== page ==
April 4, 2003
A number of websites and web traffic analysts are lately no longer so eager to publish their growth results. In the year 2001-2002, U.$. home users of Internet only increased in the single digits, with 6% annual growth the highest recorded for a particular month over the previous year in one survey.(1) The most optimistic results seemed to show that Internet use at work was increasing faster, possibly at a percentage rate in the teens. 46 million in the united $tates were using Internet at work in August, 2002.(1)
Currently, MIM is enjoying readership growth of almost 100%--not over the previous year but over the previous month! The growth accelerated throughout March and is still accelerating in the first 3 days of April.
Meanwhile, some statistics show that Gannett newspapers, AOL news and the New York Times websites actually saw their 9-5 audience decrease once the war started. As expected, big winners were more TV-oriented. CNN picked up the expected 58% increase to top 10 million users during work hours in a week. Fox News grew 78% in a week to reach 2.3 million viewers during work hours. It might surprise readers to learn that CBS News only grew 2% in the same week.
The poor showing for the New York Times probably means that people were looking for live photographs/film and rightly guessed that CNN had the most reporters on the ground in Iraq for that. In other words, it's quite possible in a war week to see readership decrease as it did for the New York Times by 1%. NPR did better with a 73% growth to reach 540,000 online users in a week.(2)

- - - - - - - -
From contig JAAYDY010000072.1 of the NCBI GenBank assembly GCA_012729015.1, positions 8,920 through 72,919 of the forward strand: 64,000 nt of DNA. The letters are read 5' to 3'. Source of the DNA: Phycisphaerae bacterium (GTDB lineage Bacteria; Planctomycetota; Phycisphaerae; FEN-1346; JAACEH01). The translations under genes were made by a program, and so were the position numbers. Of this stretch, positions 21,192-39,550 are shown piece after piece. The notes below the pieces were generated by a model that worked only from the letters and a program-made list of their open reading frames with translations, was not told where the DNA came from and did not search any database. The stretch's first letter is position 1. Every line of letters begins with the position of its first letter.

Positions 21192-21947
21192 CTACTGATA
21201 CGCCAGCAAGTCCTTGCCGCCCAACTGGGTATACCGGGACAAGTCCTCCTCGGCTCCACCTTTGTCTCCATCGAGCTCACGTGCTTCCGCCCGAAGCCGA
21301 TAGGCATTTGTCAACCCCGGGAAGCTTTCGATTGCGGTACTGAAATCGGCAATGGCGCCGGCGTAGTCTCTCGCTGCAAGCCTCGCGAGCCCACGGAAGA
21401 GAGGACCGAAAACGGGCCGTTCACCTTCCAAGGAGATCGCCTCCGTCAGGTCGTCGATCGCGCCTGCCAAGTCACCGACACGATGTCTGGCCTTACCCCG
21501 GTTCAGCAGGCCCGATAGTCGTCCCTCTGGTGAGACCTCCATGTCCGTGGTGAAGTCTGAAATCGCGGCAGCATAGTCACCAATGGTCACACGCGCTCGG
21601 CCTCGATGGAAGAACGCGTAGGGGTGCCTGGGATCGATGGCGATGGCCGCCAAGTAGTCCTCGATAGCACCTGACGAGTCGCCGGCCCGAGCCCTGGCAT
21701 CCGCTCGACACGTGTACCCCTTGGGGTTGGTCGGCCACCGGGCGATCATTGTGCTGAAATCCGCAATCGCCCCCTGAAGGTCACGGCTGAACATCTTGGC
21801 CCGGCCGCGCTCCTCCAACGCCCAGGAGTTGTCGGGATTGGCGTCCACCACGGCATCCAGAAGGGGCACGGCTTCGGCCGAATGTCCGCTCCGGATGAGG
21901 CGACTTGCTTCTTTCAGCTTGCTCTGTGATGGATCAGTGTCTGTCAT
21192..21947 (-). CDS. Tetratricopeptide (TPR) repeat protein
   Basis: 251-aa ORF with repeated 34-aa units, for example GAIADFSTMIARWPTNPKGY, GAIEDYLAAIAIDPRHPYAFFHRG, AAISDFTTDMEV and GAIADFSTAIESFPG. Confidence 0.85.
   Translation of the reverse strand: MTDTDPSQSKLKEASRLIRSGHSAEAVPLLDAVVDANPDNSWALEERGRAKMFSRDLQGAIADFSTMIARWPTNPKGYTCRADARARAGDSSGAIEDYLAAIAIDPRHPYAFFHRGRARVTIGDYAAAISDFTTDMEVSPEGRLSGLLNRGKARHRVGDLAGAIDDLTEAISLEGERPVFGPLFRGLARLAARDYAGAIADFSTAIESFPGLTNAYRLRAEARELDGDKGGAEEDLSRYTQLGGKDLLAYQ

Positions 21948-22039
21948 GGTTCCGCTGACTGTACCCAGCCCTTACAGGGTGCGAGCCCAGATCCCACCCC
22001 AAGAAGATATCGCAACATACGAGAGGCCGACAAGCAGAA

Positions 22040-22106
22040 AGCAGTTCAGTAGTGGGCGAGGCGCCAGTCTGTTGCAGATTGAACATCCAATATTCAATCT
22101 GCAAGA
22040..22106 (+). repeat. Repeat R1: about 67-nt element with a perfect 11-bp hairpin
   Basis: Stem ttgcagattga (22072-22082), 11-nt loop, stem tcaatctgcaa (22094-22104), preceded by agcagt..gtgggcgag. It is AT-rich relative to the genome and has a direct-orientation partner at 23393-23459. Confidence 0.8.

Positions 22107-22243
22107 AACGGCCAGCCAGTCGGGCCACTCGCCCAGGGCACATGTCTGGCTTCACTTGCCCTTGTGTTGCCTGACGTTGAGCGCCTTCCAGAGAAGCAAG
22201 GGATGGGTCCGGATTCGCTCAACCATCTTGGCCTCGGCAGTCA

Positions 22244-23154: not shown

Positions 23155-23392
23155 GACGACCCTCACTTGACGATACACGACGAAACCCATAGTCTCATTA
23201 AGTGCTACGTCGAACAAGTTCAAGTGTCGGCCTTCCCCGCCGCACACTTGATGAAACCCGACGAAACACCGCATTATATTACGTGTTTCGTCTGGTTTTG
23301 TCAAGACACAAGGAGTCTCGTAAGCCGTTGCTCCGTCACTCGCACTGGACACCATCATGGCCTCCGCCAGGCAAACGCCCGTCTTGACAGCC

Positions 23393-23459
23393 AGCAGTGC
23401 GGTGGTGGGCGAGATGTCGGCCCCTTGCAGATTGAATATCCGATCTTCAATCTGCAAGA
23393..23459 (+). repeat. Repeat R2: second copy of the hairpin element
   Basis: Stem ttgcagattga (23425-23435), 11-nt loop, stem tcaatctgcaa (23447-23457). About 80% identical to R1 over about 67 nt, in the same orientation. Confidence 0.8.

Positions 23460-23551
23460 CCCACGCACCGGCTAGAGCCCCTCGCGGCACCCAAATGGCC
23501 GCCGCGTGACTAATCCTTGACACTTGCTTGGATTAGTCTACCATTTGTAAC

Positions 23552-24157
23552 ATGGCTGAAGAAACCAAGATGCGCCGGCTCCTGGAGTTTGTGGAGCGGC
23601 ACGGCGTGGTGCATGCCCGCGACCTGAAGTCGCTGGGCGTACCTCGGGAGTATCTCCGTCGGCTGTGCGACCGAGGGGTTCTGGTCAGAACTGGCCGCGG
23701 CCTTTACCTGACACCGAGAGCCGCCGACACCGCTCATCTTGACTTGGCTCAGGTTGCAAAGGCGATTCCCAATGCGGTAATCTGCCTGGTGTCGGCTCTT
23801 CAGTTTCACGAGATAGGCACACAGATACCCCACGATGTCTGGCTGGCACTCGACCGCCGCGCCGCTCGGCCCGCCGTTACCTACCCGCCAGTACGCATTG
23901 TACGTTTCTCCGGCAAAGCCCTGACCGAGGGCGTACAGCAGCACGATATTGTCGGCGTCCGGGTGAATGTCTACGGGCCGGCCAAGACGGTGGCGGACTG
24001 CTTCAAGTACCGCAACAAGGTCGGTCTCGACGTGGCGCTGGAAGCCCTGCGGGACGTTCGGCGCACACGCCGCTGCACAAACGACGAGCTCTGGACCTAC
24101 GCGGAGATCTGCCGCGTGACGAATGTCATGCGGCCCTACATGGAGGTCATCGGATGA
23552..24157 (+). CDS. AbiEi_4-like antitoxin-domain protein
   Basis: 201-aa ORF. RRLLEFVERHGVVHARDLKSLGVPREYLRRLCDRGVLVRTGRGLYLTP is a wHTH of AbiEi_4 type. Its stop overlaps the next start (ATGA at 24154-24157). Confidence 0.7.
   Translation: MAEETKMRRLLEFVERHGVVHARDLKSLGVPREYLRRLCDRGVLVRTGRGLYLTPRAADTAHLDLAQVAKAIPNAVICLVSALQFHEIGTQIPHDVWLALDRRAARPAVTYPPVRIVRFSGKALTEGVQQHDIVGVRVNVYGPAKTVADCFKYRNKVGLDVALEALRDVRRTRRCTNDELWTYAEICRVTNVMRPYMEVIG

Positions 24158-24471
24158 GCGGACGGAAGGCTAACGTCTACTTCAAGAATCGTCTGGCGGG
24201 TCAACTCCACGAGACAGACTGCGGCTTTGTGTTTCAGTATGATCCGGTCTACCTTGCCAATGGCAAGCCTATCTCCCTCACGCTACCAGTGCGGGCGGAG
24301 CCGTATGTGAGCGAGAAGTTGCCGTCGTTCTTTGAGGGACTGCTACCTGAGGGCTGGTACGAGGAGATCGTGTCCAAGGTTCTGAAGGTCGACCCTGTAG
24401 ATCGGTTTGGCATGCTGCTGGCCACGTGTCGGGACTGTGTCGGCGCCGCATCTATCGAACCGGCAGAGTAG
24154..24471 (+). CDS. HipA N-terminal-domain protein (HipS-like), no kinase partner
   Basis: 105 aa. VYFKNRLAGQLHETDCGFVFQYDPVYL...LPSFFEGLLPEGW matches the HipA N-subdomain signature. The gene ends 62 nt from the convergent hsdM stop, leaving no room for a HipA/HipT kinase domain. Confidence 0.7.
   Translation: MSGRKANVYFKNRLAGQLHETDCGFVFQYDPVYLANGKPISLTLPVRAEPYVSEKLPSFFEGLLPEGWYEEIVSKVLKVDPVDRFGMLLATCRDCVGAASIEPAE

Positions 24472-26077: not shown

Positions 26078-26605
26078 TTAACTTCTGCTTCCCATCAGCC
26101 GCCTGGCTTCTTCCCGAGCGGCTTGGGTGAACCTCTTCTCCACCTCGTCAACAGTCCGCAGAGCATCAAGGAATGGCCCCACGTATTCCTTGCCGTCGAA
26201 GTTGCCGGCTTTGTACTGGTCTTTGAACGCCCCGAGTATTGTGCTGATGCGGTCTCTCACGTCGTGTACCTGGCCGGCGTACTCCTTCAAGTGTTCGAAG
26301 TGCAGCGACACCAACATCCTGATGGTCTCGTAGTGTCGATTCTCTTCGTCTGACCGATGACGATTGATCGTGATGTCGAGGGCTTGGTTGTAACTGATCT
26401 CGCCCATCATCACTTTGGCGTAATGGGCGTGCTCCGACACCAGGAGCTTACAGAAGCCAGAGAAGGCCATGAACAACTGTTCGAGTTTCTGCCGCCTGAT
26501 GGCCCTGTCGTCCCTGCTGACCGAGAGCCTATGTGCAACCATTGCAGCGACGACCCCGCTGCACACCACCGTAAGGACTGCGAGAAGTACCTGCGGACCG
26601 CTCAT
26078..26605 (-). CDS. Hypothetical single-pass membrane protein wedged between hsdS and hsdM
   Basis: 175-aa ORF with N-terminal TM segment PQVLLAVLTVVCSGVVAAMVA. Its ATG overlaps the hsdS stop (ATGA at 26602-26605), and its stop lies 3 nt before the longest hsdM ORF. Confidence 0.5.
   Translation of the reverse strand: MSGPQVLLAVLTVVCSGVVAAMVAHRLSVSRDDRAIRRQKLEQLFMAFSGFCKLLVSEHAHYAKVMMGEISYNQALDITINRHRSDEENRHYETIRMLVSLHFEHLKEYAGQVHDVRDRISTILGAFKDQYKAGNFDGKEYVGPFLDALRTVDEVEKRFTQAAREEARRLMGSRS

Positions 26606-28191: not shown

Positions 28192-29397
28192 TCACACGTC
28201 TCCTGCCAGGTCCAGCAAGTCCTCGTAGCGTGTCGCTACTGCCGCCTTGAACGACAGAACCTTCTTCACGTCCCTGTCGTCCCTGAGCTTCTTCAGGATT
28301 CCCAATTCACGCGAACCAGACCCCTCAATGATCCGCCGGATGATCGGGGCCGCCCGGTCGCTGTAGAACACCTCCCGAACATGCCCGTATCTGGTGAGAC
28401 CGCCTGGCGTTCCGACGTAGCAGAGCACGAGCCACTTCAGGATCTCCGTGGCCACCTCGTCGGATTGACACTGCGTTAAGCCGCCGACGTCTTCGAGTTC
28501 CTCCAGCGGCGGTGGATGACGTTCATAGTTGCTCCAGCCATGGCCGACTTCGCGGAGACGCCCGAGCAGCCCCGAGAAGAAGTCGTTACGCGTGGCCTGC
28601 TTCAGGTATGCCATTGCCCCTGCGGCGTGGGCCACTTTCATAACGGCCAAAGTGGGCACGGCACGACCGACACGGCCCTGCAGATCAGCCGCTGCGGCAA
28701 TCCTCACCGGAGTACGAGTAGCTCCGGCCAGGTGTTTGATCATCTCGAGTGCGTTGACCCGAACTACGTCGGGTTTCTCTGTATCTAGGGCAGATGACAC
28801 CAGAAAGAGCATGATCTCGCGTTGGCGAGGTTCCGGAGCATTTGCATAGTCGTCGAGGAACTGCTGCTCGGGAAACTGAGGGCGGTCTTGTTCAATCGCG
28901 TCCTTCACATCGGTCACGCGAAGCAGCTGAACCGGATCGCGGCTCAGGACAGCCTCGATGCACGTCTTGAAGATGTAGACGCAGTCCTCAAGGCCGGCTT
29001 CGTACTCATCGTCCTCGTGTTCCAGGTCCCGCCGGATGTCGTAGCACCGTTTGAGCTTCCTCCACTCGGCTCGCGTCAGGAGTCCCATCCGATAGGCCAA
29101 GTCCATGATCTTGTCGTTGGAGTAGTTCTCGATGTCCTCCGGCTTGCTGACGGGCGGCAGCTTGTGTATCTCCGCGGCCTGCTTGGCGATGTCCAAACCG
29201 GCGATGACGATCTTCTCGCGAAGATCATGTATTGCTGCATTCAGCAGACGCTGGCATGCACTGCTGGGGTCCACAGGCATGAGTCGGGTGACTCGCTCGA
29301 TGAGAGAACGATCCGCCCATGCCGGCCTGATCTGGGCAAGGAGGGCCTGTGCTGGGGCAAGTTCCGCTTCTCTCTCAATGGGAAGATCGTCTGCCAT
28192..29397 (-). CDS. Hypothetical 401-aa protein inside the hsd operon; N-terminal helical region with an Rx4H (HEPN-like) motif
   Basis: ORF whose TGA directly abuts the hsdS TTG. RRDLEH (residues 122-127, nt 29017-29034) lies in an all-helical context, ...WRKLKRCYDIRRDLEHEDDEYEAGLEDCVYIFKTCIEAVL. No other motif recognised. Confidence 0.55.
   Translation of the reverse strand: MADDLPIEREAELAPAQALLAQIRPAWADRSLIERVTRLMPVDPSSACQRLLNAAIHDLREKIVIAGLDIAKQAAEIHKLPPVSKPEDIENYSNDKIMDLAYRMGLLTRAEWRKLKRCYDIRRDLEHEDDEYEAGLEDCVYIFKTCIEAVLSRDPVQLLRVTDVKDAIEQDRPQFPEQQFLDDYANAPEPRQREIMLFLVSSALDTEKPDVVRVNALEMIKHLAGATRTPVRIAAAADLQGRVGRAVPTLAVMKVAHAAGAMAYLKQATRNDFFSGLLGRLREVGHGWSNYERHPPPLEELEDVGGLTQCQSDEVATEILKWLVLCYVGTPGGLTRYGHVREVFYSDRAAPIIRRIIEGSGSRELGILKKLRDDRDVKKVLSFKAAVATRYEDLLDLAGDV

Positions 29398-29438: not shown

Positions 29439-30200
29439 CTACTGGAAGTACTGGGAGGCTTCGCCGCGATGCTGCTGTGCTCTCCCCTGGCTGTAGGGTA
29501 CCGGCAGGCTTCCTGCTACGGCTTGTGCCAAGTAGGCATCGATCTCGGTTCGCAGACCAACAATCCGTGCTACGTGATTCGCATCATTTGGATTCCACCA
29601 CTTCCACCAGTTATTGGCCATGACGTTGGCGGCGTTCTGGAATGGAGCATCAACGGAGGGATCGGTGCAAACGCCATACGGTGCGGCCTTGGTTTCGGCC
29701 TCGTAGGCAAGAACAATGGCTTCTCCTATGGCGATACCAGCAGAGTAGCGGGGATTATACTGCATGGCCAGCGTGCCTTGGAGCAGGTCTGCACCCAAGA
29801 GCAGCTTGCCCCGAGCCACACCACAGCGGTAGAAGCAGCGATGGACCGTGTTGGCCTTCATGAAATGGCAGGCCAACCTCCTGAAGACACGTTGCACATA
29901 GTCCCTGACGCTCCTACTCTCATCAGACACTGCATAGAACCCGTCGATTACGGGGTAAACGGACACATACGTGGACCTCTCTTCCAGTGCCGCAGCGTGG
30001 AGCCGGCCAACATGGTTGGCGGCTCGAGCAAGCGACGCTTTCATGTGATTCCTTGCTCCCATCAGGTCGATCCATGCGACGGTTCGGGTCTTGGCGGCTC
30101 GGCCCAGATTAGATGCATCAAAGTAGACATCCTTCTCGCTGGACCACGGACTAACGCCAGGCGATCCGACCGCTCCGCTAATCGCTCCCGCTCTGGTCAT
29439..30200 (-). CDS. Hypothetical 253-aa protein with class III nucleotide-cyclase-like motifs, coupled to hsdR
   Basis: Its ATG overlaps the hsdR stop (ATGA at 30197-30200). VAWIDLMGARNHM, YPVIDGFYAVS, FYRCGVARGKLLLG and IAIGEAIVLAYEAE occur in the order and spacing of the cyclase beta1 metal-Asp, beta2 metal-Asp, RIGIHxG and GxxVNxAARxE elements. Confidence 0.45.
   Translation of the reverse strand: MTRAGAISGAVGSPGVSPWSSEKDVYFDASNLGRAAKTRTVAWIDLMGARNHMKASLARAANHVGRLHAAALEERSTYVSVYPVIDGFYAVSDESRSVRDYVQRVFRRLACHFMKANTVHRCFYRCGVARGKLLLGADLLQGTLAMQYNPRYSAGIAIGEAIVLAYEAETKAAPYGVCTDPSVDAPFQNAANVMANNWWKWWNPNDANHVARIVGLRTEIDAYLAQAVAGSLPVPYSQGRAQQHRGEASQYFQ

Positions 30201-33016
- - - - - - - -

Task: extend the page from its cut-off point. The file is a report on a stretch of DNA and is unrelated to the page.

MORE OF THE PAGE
Meanwhile, the U.S. Federal Government has also had rapid Internet growth. Between December 2002 and February 2003, traffic grew 26% to over 44 million users of federal government websites; although one-third of that growth appears to be connected to the NASA disaster.(3)
In the major countries of Europe, the picture is the same--a general single digit percentage increase in Internet users between the last three months of 2001 and 2002.(4) Increasingly then, in the imperialist countries, there are no easy gains of 50% per year to be found. However, increasingly, websites differ in growth not based on their analysis but their spectacle-- just as it is on TV or in Hollywood generally. Time magazine still managed to pick up a big gain in the first week of February when over 30% of its audience came to see the Columbia shuttle disaster story.
Among the major bourgeois media outlets, the game is to do the quickest job covering the biggest spectacles live. Currently, MIM does not attempt to compete for the audience wanting purely visual spectacle such as shuttle explosion videos. People visiting our website are in for a controversial line and no reliance on the unity of first-hand spectacles. MIM did not have any footage of the Columbia disaster and also no photographers in bed with the Pentagon in Iraq.
At the moment, MIM is gaining ground on the mainstream media fast. If we can keep it up a few more years, we will reach our five-year plan goals and run in range of an organization like NPR.